The Calm After the Storm: Road Warriors Share How They Gain Staff Trust
Being an Interim Director of Surgical Services satisfies many an itch; love of travel, schedule flexibility, and always being on the cutting edge with skills and tech, to name a few.
However, there are numerous unknowns going into a new assignment. Namely, how will the staff receive you? Will they embrace you with open arms or erect a wall of defense? But gaining the trust and confidence of staff is arguably the most essential hurdle an interim must clear. Our 2022 Road Warriors share their strategies on how they lower the temperature and get everyone on the same page.
Anne Ertel, DNP, MSN, BSN, RN
“One strategy I’ve used is that I’m very present. I’m not behind closed doors. I’m meeting people, open, attentive, and listening. I say in the beginning that this is about meeting your needs and reaching your goals. This isn’t about my agenda. Of course, sometimes stakeholders disagree on what the priorities should be, but the most important thing is to realize that you’re there to help them attain their goals. You’re there to support them.
I also ask the administration to give me two days with no meetings so I can meet people and they can ask me questions. That communicates that I value their ideas and concerns. It increases stress when they don’t see you because you’re in all these high-level meetings.”
Gayle Fox, MHA, BS, RN
Showing Your Credibility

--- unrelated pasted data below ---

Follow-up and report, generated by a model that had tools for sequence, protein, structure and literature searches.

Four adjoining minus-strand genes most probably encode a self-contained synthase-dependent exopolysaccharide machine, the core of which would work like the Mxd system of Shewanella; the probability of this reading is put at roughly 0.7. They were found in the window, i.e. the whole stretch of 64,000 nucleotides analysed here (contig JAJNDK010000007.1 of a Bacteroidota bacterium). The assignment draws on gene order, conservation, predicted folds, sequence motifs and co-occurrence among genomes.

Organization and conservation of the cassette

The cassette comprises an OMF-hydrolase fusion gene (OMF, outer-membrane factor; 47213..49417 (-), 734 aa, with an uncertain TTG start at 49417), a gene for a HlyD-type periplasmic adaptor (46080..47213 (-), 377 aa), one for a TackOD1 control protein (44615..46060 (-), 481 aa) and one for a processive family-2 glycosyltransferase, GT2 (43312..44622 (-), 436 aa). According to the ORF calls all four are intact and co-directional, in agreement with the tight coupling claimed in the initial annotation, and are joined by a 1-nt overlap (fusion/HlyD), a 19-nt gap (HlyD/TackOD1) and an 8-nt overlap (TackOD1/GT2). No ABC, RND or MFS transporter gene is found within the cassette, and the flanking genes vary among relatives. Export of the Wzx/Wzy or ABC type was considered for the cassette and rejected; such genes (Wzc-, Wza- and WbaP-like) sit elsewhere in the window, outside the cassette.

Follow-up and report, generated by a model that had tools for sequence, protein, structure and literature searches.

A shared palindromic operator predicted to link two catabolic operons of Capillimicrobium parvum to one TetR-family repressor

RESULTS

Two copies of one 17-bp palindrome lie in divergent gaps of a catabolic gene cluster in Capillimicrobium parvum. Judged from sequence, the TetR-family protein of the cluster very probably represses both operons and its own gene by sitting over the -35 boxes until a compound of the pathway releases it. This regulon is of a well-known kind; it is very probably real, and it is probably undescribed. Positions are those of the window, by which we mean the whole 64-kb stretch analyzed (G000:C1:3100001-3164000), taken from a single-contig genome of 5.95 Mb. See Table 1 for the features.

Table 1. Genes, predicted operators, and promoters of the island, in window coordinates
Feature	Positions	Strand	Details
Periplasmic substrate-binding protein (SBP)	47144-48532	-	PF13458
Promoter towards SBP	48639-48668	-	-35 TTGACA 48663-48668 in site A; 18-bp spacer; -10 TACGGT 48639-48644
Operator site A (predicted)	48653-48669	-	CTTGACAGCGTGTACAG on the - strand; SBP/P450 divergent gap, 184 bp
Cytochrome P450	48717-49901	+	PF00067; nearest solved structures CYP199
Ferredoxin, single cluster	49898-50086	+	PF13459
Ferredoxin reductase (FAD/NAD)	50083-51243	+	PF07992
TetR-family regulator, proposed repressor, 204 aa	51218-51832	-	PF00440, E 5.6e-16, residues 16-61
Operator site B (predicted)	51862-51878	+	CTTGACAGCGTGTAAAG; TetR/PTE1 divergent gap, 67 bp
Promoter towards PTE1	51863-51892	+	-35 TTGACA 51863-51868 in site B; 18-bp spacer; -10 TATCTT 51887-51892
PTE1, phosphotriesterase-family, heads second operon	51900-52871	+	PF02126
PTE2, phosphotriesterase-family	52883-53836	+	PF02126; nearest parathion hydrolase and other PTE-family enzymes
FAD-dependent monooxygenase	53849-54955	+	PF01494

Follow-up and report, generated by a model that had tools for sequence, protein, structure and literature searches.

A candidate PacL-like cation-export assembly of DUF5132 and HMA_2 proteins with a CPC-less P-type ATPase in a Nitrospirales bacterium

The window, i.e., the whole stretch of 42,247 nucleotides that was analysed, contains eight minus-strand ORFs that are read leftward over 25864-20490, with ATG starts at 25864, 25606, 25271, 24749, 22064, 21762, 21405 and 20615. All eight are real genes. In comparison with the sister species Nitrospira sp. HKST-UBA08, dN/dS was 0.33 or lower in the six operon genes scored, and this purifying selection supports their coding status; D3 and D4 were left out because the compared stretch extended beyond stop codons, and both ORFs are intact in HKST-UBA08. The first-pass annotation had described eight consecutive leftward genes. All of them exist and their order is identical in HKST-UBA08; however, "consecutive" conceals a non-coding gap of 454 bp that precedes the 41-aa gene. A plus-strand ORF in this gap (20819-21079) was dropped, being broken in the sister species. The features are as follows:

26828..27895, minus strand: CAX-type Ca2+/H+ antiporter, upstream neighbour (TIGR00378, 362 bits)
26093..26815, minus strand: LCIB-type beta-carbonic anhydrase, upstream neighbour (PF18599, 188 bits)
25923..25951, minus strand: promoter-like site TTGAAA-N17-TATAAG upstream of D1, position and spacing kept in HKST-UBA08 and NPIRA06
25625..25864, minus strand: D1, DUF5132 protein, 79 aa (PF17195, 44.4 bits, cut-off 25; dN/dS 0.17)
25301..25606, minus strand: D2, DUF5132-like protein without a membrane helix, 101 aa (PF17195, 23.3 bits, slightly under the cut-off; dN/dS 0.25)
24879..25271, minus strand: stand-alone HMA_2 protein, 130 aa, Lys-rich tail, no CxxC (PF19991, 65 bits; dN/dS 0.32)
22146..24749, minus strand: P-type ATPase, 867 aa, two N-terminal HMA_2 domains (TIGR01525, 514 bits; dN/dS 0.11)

“Interims are accustomed to being dropped into the seven levels of Hades all of a sudden, right? The typical situation is that there have been huge leadership gaps. My style is very relational.
I don’t come in with all these changes right away. Part of what I do is get into the department from the beginning. I have a meeting with the staff, give them my background, and then I will ask them, ‘So do you think that I’ve got the background and skills to do this role?’ That usually leads to a bit of humor.
Another thing that makes them feel comfortable is seeing you have credibility. They understand that you know their world. That you were at the table scrubbing cases as a nurse. I may not be as fast and skilled as I was when scrubbing all the time, but I could still do it if I had to.
And part of that is also storytelling. Giving them stories like, ‘Ohh gosh, when I had this experience or I had that experience.’ That gives you a humanness that allows them to trust you.”
Sheila Grumbach, MSN, BSN, BLS, CNOR, RN
Listen Up and Follow Up
“Some organizations just had temporary director vacancies while others have experienced a rapid succession of leadership turnover. I tell the staff all the time. I understand you have a lack of trust. It’s hard to believe that someone is going to be here and that it’s going to be a long-lasting change.
It does not matter what we say; it’s through our actions, our consistency, and our fairness that we’re going to earn their trust. We have to show them that we’re committed to them, however long that is.